Incident Response Plans :: Why Your Organization Needs One!

By: michael

Phishing is an effort on the part of criminals to obtain personal information over the Internet through fraudulent means. These scammers are specifically looking for usernames, passwords, and credit card or bank information. They send email messages or instant messages to their victims, trying to direct them to a fake version of a real website. When people are deceived into entering their sensitive information, the scammer takes their information and can steal their money and identity or commit other fraudulent activities.

Why should financial institutions care about phishing attacks aimed at their customers? There are several reasons. First, phishing is a genuine threat, not only to their customers, but to their company as well. Financial institutions are targeted more often than any other business. It is estimated that over 90% of phishing attacks are aimed at customers of banks and credit card companies. The numbers have been rising, too. In 2006, 2.3 million people were victims; the number increased to 3.6 million in 2007. Of these statistics, smaller institutions are phished more often than larger ones, because they are a more lucrative target due to the expense of adequate security measures.

Banks and other financial companies should have a plan to address the case of a scammer phishing for information. No bank would be able to operate without a plan of escape in the case of a fire. Most banks have a button that alerts the police to a robbery. These situations place the bank in a precarious position-they could quickly escalate to a major emergency. Similarly, if banks do not have an incident response plan, a successful phishing attack could quickly lead to a catastrophe.

Phishing attacks are designed to work quickly. After a person enters his or her information into a website, it only takes minutes for the scammers to use it to their own benefit. Often this will happen automatically-the scammer has an automated withdrawal of information or funds, and the phished website will then redirect the victim back to the real website. In a fire, if there is no organized plan of escape, by the time everyone figures out what to do, it may be too late. The same result is true in a case of phishing: if an employee does not already know how to respond, in the amount of time necessary to find the correct phone numbers to call or the proper procedures to follow, the scammer may already have stolen thousands of dollars and disappeared.

It is a fact that people will talk to others about the bad things that happen in their lives. If several friends say that they have been fooled by phishing from a particular financial institution, others may be more likely to do their business elsewhere. Many community banks rely on customer satisfaction and customer referrals to sustain their existence. If they have even two or three major phishing problems, their very survival may be at stake. For the sake of growing their businesses and staying afloat, financial organizations must do everything possible to protect their customers.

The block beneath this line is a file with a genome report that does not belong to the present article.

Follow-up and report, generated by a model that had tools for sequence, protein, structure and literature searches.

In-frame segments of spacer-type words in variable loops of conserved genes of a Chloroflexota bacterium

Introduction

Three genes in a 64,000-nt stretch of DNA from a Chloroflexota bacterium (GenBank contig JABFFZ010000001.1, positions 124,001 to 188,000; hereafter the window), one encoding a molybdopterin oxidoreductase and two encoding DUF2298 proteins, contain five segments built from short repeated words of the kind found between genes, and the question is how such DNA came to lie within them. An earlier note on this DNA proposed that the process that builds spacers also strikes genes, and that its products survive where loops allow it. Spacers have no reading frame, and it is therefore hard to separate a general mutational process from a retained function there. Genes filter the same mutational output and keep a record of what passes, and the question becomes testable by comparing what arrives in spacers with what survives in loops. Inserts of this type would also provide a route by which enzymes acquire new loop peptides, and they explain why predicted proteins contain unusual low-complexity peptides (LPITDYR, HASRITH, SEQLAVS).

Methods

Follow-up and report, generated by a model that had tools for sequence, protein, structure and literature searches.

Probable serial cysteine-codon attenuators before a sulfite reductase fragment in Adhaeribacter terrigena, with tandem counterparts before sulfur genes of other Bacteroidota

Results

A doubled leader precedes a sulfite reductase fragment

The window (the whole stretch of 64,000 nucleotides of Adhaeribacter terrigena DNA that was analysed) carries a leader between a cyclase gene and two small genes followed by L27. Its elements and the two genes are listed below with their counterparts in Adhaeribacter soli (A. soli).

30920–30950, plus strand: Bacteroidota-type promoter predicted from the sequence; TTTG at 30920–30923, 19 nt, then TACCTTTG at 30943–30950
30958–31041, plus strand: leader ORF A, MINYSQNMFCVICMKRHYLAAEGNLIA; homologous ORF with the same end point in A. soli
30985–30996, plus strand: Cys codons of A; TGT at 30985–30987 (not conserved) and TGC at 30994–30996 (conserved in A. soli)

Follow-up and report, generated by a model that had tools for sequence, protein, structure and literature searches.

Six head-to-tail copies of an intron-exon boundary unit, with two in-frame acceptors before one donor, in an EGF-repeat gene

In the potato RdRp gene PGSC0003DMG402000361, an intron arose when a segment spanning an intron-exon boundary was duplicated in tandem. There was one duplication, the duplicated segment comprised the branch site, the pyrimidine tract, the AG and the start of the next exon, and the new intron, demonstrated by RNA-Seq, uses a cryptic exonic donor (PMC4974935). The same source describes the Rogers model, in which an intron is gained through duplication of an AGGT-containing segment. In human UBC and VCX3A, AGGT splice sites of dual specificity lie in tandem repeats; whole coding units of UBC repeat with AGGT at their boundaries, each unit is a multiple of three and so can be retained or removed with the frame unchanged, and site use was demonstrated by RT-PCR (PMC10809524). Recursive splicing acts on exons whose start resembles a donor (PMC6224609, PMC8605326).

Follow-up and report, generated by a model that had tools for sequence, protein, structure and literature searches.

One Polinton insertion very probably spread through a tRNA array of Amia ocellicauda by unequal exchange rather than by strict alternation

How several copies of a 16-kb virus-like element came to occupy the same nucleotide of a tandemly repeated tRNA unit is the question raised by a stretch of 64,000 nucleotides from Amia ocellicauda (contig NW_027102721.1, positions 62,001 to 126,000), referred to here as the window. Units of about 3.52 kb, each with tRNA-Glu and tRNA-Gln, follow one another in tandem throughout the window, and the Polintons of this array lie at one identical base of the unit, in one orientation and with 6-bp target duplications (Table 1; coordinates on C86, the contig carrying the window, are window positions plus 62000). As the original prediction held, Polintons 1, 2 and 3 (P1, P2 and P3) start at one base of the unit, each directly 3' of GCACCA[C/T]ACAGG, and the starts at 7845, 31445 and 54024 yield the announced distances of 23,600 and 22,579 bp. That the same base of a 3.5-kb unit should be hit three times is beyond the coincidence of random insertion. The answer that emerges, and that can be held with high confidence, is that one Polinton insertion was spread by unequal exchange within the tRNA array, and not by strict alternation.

Perhaps the most important reason that banks, credit unions, and other financial establishments should have an incident response plan in place is that they are required by Federal Examiners!

Although many smaller financial institutions may think that, in spite of the good that can come from an incident response plan against phishing attacks, the programs to combat phishing are still too expensive for them. Most of the programs, however, are designed for preventative maintenance. An incident response plan simply requires employees of the financial organization to be educated to recognize warning signs of a phishing attack. If they cannot close the phishing site personally, they need a list of companies and professionals and contact information to enable them to call someone who can shut down the site. Because the effort is so minimal, every financial institution, no matter how big or small, should have an incident response plan.

About The Author

Mr. Gale Yocom is a recognized technology expert and President of the Dallas-based security specialist company Covetrix. For the past ten years his company has provided full service networking and security solutions to government entitities, financial institutions, and commercial businesses across the U.S. Performing security audits, penetration testing and implementation of security controls, he brings a wealth of knowledge and information to Internet security.

Mr. Yocom is known for effectively uncovering weaknesses in institutions security practices and has impressively strengthened the security posture of many financial institutions. Mr. Yocom can be reached by contacting him at gale@covetrix.com or by visiting him on the web at www.covetrix.com

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